With inflation at its highest level in decades, the stock market tumbling, and the war in Ukraine driving fears of a prolonged downturn, corporate leaders are talking more about the likelihood of a recession, typically defined as an economic contraction that lasts at least six months.
Last week, JPMorgan Chase chief executive Jamie Dimon predicted an economic “hurricane” stemming from inflation, the Ukraine war, and the Federal Reserve’s steps to hike interest rates and shrink its bond portfolio.
“Right now it’s kind of sunny, things are doing fine. Everyone thinks the Fed can handle this,” Dimon said last Wednesday at a Bernstein Strategic Decisions Conference. “That hurricane is right out there down the road coming our way. We just don’t know if it’s a minor one or Superstorm Sandy.”
Dimon told investors to brace themselves for market volatility, adding that JPMorgan “is bracing ourselves, and we’re going to be very conservative with our balance sheet.” In early May, Dimon said there was a 66 percent chance the US would enter a recession.
Other Wall Street executives are delivering similar predictions. PNC Financial Services chief executive Bill Demchak said Thursday that while he doesn’t see a “hurricane” on the horizon, he also doesn’t “see any possible outcome other than a recession.” Goldman Sachs COO John Waldron expects “tougher economic times ahead.”
“This is among — if not the most — complex, dynamic environments I’ve ever seen in my career,” said Waldron. “The confluence of the number of shocks to the system to me is unprecedented.”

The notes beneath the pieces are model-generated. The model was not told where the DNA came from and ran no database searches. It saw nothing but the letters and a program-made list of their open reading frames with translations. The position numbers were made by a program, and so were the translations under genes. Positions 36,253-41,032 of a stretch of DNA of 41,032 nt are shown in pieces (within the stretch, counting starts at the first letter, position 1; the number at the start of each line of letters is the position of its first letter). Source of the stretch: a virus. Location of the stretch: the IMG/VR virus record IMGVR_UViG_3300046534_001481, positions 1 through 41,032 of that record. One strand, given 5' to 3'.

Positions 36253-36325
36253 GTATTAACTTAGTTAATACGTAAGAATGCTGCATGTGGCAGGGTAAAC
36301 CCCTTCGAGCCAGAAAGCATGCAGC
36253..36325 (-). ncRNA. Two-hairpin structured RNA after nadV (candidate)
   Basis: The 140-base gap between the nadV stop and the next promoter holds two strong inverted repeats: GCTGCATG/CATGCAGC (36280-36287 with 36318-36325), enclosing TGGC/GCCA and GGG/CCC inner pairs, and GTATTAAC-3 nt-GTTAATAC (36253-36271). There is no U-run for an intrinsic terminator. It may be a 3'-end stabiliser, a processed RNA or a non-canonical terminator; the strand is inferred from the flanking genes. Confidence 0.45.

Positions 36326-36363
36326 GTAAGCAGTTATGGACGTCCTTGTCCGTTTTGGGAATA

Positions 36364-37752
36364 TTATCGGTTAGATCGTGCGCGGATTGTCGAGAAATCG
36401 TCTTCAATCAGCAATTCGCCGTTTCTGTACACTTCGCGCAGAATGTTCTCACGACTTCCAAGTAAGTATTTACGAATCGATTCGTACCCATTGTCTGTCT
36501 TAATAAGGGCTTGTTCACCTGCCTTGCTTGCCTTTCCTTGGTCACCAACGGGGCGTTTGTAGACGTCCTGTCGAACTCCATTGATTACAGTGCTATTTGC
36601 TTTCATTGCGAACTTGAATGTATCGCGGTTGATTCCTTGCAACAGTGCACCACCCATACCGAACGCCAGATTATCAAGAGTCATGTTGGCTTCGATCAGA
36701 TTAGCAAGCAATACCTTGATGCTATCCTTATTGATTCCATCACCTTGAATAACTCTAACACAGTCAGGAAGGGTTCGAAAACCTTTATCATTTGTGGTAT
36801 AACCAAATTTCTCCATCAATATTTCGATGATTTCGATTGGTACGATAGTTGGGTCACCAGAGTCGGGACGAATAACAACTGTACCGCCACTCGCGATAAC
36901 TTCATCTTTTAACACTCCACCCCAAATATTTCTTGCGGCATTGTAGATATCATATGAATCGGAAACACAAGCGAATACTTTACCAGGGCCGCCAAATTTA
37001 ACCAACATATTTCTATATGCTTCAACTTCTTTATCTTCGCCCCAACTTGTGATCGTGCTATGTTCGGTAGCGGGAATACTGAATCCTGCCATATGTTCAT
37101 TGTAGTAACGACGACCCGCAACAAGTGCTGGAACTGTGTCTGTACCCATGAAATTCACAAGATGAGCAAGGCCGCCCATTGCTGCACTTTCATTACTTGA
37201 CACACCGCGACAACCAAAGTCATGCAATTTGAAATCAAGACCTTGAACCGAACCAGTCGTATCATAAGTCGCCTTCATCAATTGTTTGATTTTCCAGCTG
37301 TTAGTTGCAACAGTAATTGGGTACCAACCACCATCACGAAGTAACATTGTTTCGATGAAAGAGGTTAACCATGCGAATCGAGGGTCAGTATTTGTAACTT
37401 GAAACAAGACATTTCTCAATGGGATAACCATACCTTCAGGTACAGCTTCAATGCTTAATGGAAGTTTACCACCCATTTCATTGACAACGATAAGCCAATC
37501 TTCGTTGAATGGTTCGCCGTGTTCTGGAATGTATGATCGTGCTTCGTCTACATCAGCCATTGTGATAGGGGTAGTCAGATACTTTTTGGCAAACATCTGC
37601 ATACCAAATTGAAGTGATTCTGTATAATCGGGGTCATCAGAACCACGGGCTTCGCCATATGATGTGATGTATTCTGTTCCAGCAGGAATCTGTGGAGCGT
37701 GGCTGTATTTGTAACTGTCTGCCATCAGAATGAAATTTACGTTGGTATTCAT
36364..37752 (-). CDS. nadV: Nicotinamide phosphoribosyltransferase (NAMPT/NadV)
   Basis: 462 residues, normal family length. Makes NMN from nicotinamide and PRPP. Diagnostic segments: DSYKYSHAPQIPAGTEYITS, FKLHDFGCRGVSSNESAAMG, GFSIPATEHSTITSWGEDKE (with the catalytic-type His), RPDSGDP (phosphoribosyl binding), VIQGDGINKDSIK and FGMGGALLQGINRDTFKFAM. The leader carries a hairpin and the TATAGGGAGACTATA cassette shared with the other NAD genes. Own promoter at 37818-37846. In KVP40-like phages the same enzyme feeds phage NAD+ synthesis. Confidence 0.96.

Tesla CEO Elon Musk joined the chorus, saying in an e-mail to his executives that he has a “super bad feeling” about the economy and that the company would need to cut roughly 10 percent of its workforce.
Carlyle Group CEO Kewsong Lee has a slightly more optimistic outlook on the likelihood of a recession, saying the global private equity firm has its “eyes wide open” as it navigates the threat of recession.
“Right now our stance is more defensive than not — I think appropriately so,” said Lee at the Bernstein conference. “And as we look at this portfolio day-to-day, we don’t see anything which is giving us huge concern. That’s not to say we’re not eyes wide open. Of course we are. But as we sit here today, we’re not seeing any huge problems.”
Wells Fargo CEO Charlie Scharf told a Wall Street Journal conference audience last month that “It’s going to be hard to avoid some kind of recession” as the Federal Reserve attempts to drive down inflation without tipping the economy into a recession. But a strong labor market and high consumer demand could soften the blow of a future downturn.
“Everyone is so strong going into this, [which] should hopefully provide a cushion so that whatever recession there is, if there is one, is short and not all that deep,” said Scharf.
But the combination of stagnant economic growth and high inflation — known as stagflation — seems likely to persist “for at least the next 12 months,” said Simon Baptist, global chief economist at the Economist Intelligence Unit, during an appearance on CNBC. And a Bloomberg survey of economists conducted in May found that the probability of a recession in the next year sits at 30 percent, the highest since 2020.
In a mid-May appearance on CBS’s “Face the Nation,” former Goldman Sachs CEO Lloyd Blankfein said that there is a “very, very high risk” of a recession.
“If I were running a big company, I would be very prepared for it,” said Blankfein. “If I was a consumer, I’d be prepared for it.”
And Chris Rupkey, chief economist at FWDBONDS, a financial markets research company, told the Globe last month that “everything points to an economy that’s near the tipping point.”
“It’ll be a miracle if we can avoid a recession,” he said.
Annie Probert can be reached at firstname.lastname@example.org.